Democratic municipal chairs in the 21st district have until Sunday to decide who they want to run on the Union County organization line for State Assembly in the 21st district.
With seven candidates seeking the nomination, the consensus is that this is now a three-way contest between Stacey Gunderman, Jill LaZare and Lisa Mandelblatt.
In recent years, Democrats struggled to find candidates to run against Republican incumbents Jon Bramnick (R-Westfield) and Nancy Munoz (R-Summit).
That was before Democrat Lacey Cotter Rzeszowski came within 1,554 votes of ousting Munoz in 2017.
The district now has 3,837 more Democrats than Republicans. When the 21st was drawn eight years ago, there were 4,599 more Republicans than Democrats.
Onetime Republican strongholds of Summit and Westfield have now shifted to the Democratic column.
After losing two Assembly bids, LaZare challenged Senate Minority Leader Thomas Kean, Jr. (R-Westfield) last year and won 45% of the vote. She won Summit by 392 votes and lost Westfield by just 160 votes.
Union County Democrats award the line after a screening committee vote of the ten municipal chairs of the 21st district. A candidate needs six votes to win; a tie is broken by State Sen. Nicholas Scutari (D-Linden), the county chairman.
The preferred candidates of the Union Democratic organization are Gunderman and Mandelblatt, according to several sources who spoke on the condition of anonymity.
In past years, that was sufficient to claim the organization line.
Now with Democrats thinking they could win one or two seats in the 21st for the first time since 1989, the winner of Sunday’s screening committee vote – it was originally scheduled for last night, but postponed due to snow – is less certain.
Also uncertain is exactly what happened at a meeting of the New Providence Democrats on Tuesday evening.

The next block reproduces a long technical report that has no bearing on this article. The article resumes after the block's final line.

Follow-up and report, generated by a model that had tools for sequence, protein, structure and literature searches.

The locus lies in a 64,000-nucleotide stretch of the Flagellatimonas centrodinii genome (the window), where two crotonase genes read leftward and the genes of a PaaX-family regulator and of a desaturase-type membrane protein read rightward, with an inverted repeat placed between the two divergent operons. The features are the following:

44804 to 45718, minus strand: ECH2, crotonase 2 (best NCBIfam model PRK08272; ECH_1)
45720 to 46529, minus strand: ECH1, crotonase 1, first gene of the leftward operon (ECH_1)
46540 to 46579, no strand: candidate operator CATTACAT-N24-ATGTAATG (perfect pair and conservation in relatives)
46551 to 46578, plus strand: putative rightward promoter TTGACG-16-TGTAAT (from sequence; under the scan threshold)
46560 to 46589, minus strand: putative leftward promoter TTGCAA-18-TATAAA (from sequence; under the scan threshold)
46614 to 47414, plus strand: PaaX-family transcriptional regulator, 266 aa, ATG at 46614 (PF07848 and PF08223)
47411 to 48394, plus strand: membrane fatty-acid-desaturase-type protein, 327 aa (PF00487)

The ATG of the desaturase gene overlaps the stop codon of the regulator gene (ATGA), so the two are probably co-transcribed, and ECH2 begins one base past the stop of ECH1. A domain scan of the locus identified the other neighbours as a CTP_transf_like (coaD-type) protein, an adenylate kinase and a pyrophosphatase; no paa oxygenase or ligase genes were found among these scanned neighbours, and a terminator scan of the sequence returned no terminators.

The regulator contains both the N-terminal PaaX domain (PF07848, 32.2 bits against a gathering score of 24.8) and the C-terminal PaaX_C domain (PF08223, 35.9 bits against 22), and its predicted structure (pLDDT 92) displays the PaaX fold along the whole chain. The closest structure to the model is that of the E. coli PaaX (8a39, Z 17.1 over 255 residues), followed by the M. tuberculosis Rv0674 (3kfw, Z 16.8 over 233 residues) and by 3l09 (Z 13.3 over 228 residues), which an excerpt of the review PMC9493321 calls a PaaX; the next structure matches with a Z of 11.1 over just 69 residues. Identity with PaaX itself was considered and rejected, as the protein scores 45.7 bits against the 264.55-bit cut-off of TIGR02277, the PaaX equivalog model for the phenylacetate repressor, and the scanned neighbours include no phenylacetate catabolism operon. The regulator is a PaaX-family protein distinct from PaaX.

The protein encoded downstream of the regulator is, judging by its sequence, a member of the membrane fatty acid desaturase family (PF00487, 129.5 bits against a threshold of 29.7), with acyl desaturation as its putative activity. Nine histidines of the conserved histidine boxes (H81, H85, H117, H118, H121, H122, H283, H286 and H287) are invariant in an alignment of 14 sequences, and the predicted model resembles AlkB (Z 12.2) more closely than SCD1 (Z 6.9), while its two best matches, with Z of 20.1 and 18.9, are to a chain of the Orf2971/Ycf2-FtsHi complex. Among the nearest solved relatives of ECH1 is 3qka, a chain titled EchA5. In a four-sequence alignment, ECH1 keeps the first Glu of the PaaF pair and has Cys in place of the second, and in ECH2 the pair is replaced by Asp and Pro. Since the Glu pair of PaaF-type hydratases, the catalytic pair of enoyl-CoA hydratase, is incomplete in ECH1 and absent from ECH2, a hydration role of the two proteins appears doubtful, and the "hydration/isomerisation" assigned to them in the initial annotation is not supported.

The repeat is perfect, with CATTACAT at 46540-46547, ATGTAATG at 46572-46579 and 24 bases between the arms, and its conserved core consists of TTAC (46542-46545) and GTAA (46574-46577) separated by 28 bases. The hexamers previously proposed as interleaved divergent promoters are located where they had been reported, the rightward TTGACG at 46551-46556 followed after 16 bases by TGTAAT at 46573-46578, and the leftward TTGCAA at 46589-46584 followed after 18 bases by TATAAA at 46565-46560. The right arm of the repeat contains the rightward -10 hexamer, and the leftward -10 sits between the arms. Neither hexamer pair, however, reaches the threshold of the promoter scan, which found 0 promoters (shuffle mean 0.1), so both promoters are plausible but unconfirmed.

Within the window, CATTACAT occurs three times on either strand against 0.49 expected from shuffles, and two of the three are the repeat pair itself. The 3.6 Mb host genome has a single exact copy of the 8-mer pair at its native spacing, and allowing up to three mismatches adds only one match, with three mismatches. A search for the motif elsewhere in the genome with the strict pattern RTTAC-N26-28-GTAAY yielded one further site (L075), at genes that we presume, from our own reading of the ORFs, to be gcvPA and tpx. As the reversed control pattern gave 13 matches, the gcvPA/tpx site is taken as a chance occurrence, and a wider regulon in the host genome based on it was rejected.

The New Jersey Globe spoke to more than one attendees who confirm that just seven of the twenty members of the New Providence Democratic county committee were in the room. None of the participants would allow their names to be used for fear of retribution.
Gunderman, the municipal chair but not a county committee member, was asked to leave the room while the rest discussed the Assembly race. She waited in her car and only returned after receiving a text message in inviting her back into the private home where the meeting was held.
At that point, Gunderman was informed that a vote had been taken by secret paper ballot.
Gunderman and LaZare each received five votes, with four votes going to another candidate, Goutam Jois. Mandelblatt received no votes.
The vote is non-binding: there were not enough committee members to constitute an quorum, and local party by-laws do not include instructions for state office.
As municipal chair, Gunderman has two votes at Sunday’s screening committee meeting. She will presumably cast one of those votes for herself.
New Providence Democrats have empowered Gunderman to cast her second vote based on her own judgment, without any strings attached, according to another source who spoke on the condition of anonymity.
Gunderman can use her second vote to boost her own candidacy — either to win one of the spots on the Assembly ticket or to get her preferred running mate.
Let’s say she has a solid count that puts her in second place, one vote ahead of another contender. She could cast her vote strategically for one of the other candidates to assure her own victory.